Access to broadband and high-speed internet led to a significant increase in Norwegian households' participation in the stock market.

Faster internet led to more stock trading

When Norwegians gained access to faster internet, their interest in mutual funds and stock trading also increased. Researchers call it a democratization of finance.

“We’ve found that broadband access has had quite a big effect on Norwegians' purchases and sales of shares, and especially on their purchase of equity funds,” says Hans K. Hvide, an economics professor at the University of Bergen.

Hvide and three research colleagues have taken a closer look at the extensive roll-out of broadband infrastructure that took place in Norway a few years ago.

They compared this with the detailed data found on Norwegians' stock trades on the Oslo Stock Exchange.

More equity funds

“The stock trading of people who gained access to broadband went up substantially, but especially because a lot of them invested in equity funds,” says Hvide.

He thinks this finding is evidence that people who acquired faster internet used it as much to learn more about the stock market as to start buying and selling individual shares.

“We found very little of the negative effect that shows up in some international studies that have looked at the same thing: That some people become hyperactive day traders and lose a lot of money on trading,” he says.

Random cables

High-speed broadband gives you completely different opportunities for surfing the web to find information.

Hvide and his colleagues believe that this is first and foremost what the brand new Norwegian broadband users did from 2002 to 2009, the years the researchers investigated.

“Where the new internet cables were laid during those years was pretty random. They were probably often placed where it was cheapest to dig at first,” says Hvide.

“Choosing which Norwegian municipality got broadband ahead of another municipality involved almost no planning.”

Precisely this chance approach was used by the researchers to look for the effect of various changes.

Broadband can help to democratize stock trading by more people being able to quickly gain access to the same information. This photo is from the brokerage room at DNB.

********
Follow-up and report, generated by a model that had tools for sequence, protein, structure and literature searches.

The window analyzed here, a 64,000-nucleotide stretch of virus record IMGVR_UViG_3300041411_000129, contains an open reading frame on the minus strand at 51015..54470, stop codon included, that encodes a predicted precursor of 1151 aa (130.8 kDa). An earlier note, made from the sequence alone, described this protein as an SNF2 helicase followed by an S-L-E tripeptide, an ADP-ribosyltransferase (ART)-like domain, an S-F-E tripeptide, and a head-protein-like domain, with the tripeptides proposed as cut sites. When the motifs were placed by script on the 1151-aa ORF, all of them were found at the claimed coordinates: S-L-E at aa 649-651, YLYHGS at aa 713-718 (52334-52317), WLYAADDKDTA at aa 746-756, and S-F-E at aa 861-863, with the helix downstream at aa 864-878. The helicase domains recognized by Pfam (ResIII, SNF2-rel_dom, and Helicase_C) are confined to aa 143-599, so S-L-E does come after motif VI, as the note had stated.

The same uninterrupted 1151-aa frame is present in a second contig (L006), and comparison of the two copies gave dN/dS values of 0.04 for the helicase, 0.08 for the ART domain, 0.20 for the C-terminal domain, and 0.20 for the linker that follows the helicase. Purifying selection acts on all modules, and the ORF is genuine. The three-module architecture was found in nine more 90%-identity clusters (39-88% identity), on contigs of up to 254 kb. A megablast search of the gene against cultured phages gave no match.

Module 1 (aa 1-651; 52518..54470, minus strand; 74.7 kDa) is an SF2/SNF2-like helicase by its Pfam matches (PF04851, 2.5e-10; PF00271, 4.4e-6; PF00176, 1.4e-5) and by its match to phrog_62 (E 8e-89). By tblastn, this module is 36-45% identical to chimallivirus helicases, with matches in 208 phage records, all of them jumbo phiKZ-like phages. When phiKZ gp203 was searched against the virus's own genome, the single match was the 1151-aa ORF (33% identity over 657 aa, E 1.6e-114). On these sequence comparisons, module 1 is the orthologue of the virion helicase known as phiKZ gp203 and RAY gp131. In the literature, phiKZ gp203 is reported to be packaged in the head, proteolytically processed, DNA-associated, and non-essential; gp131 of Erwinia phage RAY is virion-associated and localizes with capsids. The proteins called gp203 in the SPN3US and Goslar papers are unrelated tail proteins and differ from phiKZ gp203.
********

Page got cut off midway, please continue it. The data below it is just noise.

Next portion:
United States and France

Today the vast majority of municipalities in Norway have gained broadband access.

“If we look at a country like the USA, they’ve made much less progress than Norway when it comes to infrastructure like broadband. Big regions of the United States still have low broadband coverage. We see the same thing in a country like France,” says Hvide.

Hvide believes that countries like the USA and France might experience a lot of the same results as Norway as they expand broadband.

Other differences are small

The economics researchers in Bergen have also examined other variables.

“We had thought that people with the highest education would be the ones most interested in shares when they got broadband. But that’s not what we found. Instead, the biggest effects were among people with less education,” said Hvide.

“We also noticed small gender differences.”

“Another expectation of ours was that people who already traded in shares would especially increase their activity when they got broadband. We didn’t find that to any great extent either,” Hvide said.

“What we did find, however, was that people who were already engaged in stock trading grew a slightly more favourable stock portfolio once they gained access to faster internet. Their portfolio yielded returns that were just as high, even as they took a little less risk.”

Sharp increase in the last couple of years

More people also started trading stocks during the pandemic. According to figures from AksjeNorge, 150 000 more Norwegians started trading on the Oslo Stock Exchange. About 550 000 are shareholders on the Oslo Stock Exchange, according to a Norwegian article from last year.

The investors who earn the most from stock trading are those who are already old and rich. The figures from AksjeNorge in March 2021 showed that 40 per cent of all new shareholders in the first three months of last year were under 30 years old.

“It’s good that more people are becoming interested in shares and mutual funds, especially the young people,” Samuli Knüpfer, a professor at BI Norwegian Business School, said last year.

The finance researcher was far from convinced that all these young traders would make good investments, however.

“These are new investors who have little experience of how wrong things can go on the stock exchange,” he said.


Hans K. Hvide Broadband internet and the stock market investments of individual investors. SSB Discussion papers, 2021.


Read the Norwegian version of this article at

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